The excuse I often hear is ... "it's too hot" or "fish ain't biting."
Actually, August is not any hotter than July was, so I tend to believe the latter.
It is true that in August, water temperatures are at their peak. The warmer the water, the less oxygen it holds, the more sluggish fish become.
One species that continues to be very active, in fact moreso, during August is the sand seatrout, also known as white trout.
Sandies are native to the Gulf of Mexico, and are one of the five most-common species. Part of the reason for their abundance is that they reach maturity at one year, and then spawn continually from March through October, with peaks in March-April and August-September.
According to Jim Ditty, research ecologist with National Marine Fisheries Service in Galveston, if it were not for such fecundity, the sand trout might be endangered.
Ditty, who did his research on sand trout at LSU while a member of the Coastal Fisheries Institute, says that shrimp trawling results in heavy mortality of sand trout. Another study published by IGFA showed that up to 200 million individuals are killed in trawls each year.
Sand trout are the James Dean of coastal fish. They live hard, die young. Average lifespan is 1 to 2 years, occasionally up to 3 years. Fortunately, sandies grow fast — they average about 8 inches at age one, and 11 inches at age two. Seldom do they exceed 13 inches in size.
August and September are months when the largest sandies can be caught, and since it's a spawning peak, these fish are at their most active. Ice them down quick; otherwise, the flesh becomes a bit mushy. Fried they taste as good or better than their speckled cousins. There are no size or creel limits on sandies.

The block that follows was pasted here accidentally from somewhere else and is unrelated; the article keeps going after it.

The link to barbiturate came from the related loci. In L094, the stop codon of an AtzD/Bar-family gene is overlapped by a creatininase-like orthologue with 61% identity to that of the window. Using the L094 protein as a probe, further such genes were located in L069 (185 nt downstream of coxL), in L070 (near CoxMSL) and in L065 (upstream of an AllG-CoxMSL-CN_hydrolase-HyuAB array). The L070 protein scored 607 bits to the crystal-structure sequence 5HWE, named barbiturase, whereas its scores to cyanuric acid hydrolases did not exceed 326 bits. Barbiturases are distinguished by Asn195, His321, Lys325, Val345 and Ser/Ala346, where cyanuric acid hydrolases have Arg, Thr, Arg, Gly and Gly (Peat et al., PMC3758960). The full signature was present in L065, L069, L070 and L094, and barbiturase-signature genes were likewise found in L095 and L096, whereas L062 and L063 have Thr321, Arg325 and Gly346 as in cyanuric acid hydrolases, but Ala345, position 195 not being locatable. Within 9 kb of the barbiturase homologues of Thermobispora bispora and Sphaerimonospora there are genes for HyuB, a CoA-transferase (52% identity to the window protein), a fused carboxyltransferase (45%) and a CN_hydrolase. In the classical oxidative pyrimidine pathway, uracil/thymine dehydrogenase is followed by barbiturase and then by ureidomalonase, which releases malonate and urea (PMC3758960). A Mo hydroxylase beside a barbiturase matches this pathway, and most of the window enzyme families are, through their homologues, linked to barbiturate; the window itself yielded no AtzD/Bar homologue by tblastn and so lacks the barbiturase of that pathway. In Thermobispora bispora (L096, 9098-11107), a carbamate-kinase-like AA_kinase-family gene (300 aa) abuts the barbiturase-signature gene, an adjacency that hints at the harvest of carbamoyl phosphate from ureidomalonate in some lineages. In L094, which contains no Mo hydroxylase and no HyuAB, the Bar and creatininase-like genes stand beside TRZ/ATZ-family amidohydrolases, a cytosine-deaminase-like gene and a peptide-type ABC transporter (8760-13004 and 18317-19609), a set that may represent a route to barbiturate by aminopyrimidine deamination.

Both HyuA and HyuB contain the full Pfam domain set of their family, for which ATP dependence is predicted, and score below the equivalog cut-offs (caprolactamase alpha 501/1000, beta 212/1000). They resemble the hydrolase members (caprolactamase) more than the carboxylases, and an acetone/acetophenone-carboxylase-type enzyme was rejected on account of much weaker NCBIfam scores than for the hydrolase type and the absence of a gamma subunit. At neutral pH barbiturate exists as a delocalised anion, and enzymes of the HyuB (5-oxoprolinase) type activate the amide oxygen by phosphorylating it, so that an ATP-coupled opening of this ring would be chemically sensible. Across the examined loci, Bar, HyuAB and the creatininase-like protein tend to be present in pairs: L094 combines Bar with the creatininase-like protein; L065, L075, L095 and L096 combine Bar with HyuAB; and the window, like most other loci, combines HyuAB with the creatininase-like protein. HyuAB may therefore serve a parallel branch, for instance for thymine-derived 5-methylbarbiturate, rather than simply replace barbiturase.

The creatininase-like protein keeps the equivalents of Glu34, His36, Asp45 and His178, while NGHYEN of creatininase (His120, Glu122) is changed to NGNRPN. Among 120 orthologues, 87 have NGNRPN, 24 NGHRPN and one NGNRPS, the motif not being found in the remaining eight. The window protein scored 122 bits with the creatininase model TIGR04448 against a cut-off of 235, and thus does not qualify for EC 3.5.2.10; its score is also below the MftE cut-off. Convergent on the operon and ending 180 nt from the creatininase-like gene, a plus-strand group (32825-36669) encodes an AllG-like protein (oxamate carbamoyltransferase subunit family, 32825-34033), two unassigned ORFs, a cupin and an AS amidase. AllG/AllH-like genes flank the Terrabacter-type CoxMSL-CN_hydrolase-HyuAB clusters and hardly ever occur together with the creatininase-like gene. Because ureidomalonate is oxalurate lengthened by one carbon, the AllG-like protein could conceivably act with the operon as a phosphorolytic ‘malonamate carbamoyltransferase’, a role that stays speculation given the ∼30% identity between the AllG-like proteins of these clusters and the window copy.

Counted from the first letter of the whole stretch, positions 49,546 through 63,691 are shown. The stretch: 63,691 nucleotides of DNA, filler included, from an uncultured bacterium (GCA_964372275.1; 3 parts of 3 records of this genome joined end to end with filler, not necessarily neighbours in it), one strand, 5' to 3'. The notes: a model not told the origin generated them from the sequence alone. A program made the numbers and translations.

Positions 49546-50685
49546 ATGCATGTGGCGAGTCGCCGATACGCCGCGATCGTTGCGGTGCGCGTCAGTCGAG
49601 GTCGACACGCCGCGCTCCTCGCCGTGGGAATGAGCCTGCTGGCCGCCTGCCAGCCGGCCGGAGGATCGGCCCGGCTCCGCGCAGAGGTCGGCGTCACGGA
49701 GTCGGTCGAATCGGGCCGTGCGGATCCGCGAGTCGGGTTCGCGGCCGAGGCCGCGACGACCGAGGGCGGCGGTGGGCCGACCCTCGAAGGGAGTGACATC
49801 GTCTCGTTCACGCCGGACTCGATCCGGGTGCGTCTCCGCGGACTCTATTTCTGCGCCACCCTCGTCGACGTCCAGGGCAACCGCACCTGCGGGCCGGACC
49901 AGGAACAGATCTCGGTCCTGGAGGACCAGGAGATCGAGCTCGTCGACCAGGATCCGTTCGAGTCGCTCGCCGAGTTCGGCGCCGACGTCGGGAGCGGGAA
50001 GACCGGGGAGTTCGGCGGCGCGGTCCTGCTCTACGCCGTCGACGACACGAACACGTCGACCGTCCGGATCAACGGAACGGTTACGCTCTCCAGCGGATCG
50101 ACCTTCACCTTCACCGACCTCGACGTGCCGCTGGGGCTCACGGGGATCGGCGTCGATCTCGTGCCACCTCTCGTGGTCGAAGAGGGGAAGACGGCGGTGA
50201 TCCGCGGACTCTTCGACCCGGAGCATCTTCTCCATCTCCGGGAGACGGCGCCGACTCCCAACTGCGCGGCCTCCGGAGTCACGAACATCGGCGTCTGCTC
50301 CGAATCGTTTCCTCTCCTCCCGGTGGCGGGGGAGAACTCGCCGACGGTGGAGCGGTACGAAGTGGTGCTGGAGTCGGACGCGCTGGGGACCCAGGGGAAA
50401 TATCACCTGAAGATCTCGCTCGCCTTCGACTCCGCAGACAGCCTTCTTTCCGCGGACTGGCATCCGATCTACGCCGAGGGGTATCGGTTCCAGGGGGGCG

For fly anglers, sandies are a real late-summer treat. They can be caught in the surf, passes, and open lakes or bays. If you can't cast like Nick Curcione — in fact, if you can't cast like St. Nick — you're still OK with sand trout. On occasion I've caught them just jigging the fly near my feet in the surf!
Best flies are Clousers, angels or other minnow patterns. The key is to get the fly to the bottom. When it does, that first strip will be met with violent impact, especially if the sandie is over 10 inches. On a 6-weight rod, it's loads of fun.
Orvis and Okuma have again upped the stakes in popularly priced fly tackle. In keeping with our policy of "fair and balanced" product reviews, we examine the good, bad and ugly of each company's new offering.
The new Orvis Clearwater Classic rods run $165 (3-weight, two-piece) to $210 (8-weight, four-piece). They're built on the same tapers as their performance TLS rods, offer quality components and come with a 25-year unconditional warranty.
After casting several different models, my impression is that the lighter-weight models are some of the best rods I've ever cast — light and definitely not stiff. The 8-weight models, both two- and four-piece, can throw an entire line.
The bad? The saltwater outfits come with the Clearwater reel, suitable only for fresh water. The dealers say they can exchange for a Rocky Mountain or Battenkill, but why make the dealers go through the trouble?
The ugly? The fighting butt on their saltwater models. Orvis, please put that dog to sleep!
Okuma Integrity reels have been the rage after product tests by Fly Fish America magazine rated these die-cast, large-arbor, disk-drag reels as one of their six best. Try this for the price — a measly $85!
Now comes the Okuma Airstream, a graphite version of the Integrity. Same large arbor, same disk drag and an unbelievable price of $35.
The bad? Backing capacity on the larger 79 model is only 100 yards. Good for specks and reds, but forget about using offshore or for bonefish.
The ugly? Like all graphite reels, they are highly susceptible to wear and distortion.
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